They say money can’t buy happiness, but having a plan for your money definitely can.
We all know financial problems are a leading cause of stress. So it should come as no surprise that a recent study found people with the very disciplined financial plans are more likely to be happy in the future than those with less comprehensive plans or no plans at all.
If you’re looking to create a financial plan or improve upon an existing one, enlisting the help of a financial advisor may be just what you need. The key, however, is finding the right one.
Establishing a relationship with a financial advisor requires a lot of trust – that’s where many people get hung up. In a recent survey 55 percent of people said the greatest challenge in financial planning was being unsure of whom to trust for financial advice. On the heels of the financial meltdown and the seemingly never-ending stream of financial scandals, it’s no wonder. But while begin cautious is a good thing, it doesn’t mean you should write off the idea of hiring an advisor altogether.
There are plenty of highly qualified, trustworthy advisors out there and gathering the right information can help lead you to one who will serve your financial needs and provide you with top-notch service.
Here are some tips to consider before singing on with an advisor:
1. Get a referral – While this isn’t always an option, if you can get a referral from someone who has worked directly with an advisor that’s a great place to start. Be sure to ask what they have liked and disliked about the experience.
2. Make sure the advisor has enough experience – You don’t want an advisor making rookie mistakes with your money. It’s important to find someone who has been around the block enough times to have experience managing money in various situations and during different financial climates.
3. Ask about asset requirements– A lot of advisors require clients to have a certain amount of investable assets. Usually you can find this information on their website, but if it’s not listed you could find out quickly by calling. It’s always best to work with an advisor who has the most experience with clients that have a similar asset base to your own.
4. Understand how they’re compensated – You should have total transparency when it comes to how an advisor gets paid. This can tell you whether they’re working toward your goals or have another agenda. Increasingly advisors are moving toward fee-based structures, in which they get a percentage of their clients’ assets – this is good motivation for them to grow your assets since they benefit too. Some, however, still get paid commissions for selling investment products. They may also work on a combination of fees and commissions or charge flat or hourly fees, so it’s important to know upfront.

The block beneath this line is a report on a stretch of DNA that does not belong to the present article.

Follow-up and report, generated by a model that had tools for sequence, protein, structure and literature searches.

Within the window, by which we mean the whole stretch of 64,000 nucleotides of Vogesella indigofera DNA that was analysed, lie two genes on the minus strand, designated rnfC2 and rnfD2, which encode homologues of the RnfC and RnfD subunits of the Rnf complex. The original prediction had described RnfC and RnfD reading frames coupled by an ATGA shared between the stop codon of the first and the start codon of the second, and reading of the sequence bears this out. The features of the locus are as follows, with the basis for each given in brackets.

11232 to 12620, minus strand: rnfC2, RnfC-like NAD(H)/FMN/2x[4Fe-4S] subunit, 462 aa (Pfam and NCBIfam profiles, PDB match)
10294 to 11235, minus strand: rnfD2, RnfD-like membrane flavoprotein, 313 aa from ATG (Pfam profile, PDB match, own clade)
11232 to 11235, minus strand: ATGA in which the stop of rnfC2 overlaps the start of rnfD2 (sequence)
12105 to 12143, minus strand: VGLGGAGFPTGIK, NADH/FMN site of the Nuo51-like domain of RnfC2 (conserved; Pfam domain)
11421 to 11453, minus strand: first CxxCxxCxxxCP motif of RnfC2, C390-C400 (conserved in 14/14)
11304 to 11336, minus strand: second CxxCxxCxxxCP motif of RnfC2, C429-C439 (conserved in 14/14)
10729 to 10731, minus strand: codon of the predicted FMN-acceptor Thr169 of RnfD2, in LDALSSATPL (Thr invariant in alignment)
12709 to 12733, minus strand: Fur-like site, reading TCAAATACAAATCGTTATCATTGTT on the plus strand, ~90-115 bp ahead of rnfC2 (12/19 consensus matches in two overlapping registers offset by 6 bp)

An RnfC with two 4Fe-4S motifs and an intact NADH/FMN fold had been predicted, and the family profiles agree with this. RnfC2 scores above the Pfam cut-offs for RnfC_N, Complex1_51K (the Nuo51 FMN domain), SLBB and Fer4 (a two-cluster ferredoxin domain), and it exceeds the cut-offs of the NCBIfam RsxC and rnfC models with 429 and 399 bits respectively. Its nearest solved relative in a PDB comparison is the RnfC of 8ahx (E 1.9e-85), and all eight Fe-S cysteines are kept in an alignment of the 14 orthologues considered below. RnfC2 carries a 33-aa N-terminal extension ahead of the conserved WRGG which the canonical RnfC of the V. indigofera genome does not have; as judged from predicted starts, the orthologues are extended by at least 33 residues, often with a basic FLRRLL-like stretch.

5. Ask about credentials and capabilities – In terms of credentials, the gold standard in the industry is a Certified Financial Planner, or CFP, designation. Some advisors may have other designations instead of, or in addition to CFP so ask what those are and what they mean. You also want an advisor to have a well-rounded background that will enable them to advise you on all of your financial issues. That doesn’t mean they need to be a tax lawyer or estate planning attorney but they should be able to offer some advice or connect you with an expert who can.
6. Know the lines of communication–You shouldn’t have to jump through hoops to get in touch with your advisor; and if you call or email with a question you shouldn’t have to wait a week for a response. Ask the advisor how frequently you can expect to be in contact and through what methods they prefer to communicate. Whatever the answers are, be sure it’s something with which you are comfortable.
7. Check their background – It’s important to see whether the advisor has had any significant complaints or issues in their past. The best place to check is the website for the Financial Industry Regulatory Authority, FINRA. By entering the advisor’s name you can find out their work history including how long they’ve been in the business and whether they have faced any regulatory issues.
8. Ask about portfolio check-ups– Part of creating a successful plan means making changes to it as new developments occur, either to your personal finances or in the broader economy that could impact your investments. That’s why it’s important to find out how often and under what circumstances the advisor will revisit your financial plan to make sure it’s still on track.
9. Online Tools – Although this isn’t necessarily a deal breaker, it’s a good idea to check out the advisor’s website to see how administratively easy it is to use. The site should be easy to navigate and allow you to log on to check on your portfolio or update personal information when needed.
10. Ask to speak with current clients – Some advisors have long-term clients who are willing to share their experience with new prospects. This isn’t always the case but it’s worth asking, particularly if you didn’t find the advisor through a referral.